Reliable weather data key to adaptation efforts, scientists say

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To effectively incorporate climate change concerns into sustainable development projects, everyone involved is going to need more reliable data on what the weather's actually doing over time.

That's the aim of a meeting of the World Meteorological Organization (WMO) this week in Turkey, where scientists from around the world are looking at ways to coordinate information among countries and ensure the right information is being produced and getting out.

"It is important that climate information, products and services be fine-tuned to support societal adaptation to climate variability and change," said Mannava Sivakumar, director of the Climate Prediction and Adaptation Branch of the meteorological organization.

A wide variety of climate adaptation efforts now rely on accurate predictions and recording of weather data, from early storm warning systems that are saving lives in cyclone-affected nations like Bangladesh to farmer insurance payments triggered by recorded lack of rainfall in countries like Ethiopia.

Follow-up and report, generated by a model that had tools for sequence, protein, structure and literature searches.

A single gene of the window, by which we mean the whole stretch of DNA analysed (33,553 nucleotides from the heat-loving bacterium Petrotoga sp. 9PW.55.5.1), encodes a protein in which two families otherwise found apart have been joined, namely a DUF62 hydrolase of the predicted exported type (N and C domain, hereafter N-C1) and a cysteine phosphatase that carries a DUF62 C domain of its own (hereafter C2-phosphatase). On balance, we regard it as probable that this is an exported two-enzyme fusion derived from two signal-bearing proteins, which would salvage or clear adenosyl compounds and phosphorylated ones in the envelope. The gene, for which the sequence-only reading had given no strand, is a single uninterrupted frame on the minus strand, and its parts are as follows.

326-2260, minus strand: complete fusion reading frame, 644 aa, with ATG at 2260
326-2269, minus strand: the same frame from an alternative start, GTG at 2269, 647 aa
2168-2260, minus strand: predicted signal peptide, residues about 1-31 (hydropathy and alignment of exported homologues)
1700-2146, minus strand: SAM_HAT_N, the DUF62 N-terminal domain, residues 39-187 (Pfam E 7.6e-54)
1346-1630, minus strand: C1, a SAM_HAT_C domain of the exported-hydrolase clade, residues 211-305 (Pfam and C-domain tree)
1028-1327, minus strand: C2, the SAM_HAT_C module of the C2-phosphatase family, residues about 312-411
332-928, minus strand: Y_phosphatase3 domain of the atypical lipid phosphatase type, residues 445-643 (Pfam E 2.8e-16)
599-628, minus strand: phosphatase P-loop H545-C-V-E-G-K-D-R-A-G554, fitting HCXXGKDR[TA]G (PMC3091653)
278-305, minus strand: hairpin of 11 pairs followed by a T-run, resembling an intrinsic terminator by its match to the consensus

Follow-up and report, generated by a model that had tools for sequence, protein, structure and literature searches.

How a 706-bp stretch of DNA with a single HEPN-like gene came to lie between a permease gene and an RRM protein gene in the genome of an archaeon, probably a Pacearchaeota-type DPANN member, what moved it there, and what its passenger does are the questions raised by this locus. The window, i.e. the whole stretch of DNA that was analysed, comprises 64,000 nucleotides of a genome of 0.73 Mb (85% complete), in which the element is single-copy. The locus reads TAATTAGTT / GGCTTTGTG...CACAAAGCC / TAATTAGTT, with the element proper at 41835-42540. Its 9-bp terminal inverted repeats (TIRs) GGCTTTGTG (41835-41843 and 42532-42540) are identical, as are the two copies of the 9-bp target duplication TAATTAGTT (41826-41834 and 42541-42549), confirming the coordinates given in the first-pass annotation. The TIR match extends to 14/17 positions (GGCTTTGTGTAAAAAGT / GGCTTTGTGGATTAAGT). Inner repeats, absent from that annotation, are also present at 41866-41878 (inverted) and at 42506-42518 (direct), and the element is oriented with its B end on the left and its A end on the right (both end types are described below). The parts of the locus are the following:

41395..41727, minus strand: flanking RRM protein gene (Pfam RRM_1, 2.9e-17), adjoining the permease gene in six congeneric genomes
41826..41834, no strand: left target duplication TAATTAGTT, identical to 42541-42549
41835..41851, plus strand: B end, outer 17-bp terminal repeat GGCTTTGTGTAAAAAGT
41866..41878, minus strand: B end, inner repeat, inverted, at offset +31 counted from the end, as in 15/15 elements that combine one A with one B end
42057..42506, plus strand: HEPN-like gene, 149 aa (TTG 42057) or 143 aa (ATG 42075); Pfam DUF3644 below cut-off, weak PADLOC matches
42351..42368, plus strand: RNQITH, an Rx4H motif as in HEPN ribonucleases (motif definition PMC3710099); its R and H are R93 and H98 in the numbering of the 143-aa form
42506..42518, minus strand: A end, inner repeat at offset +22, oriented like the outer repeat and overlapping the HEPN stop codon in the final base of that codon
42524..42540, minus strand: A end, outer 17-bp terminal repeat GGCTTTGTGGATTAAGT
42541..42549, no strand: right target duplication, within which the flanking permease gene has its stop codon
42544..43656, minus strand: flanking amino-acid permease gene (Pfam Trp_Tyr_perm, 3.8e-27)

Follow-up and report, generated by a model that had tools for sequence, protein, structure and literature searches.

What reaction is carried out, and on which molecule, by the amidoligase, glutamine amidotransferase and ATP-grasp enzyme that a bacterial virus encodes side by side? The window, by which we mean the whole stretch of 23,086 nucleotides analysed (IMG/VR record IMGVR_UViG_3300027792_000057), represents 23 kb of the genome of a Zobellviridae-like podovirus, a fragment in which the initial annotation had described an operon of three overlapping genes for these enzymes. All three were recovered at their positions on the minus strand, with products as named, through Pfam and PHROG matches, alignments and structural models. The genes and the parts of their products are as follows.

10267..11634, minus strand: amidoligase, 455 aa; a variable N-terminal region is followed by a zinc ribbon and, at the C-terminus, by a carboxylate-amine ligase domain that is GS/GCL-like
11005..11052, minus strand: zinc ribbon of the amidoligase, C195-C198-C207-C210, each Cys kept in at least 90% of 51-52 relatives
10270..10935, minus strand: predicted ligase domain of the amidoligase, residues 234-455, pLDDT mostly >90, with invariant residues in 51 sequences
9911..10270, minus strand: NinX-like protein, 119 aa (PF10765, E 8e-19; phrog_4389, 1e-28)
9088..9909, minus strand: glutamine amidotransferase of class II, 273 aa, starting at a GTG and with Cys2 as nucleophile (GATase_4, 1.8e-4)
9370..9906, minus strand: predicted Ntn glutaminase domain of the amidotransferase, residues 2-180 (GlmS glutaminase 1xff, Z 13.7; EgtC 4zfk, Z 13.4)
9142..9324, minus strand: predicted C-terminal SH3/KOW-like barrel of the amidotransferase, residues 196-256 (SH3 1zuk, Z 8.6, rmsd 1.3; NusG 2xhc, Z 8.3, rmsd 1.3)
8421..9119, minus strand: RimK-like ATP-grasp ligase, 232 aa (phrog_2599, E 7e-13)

Climate change, WMO representatives said, now represents "the biggest hazard" in the path of sustainable development, and "it is imperative that the associated changing demands for climate information are adequately addressed," said Pierre Bessemoulin, president of the WMO's Commission for Climatology.

Doing that will require "an unprecedented level of cooperation" among countries, scientists, aid agencies and policy makers, he said. But the payoff, if such cooperation can be arranged, is that affected countries will be able to "manage climate change risks more efficiently and strengthen their ability to thrive in the future," the WMO said in a statement.

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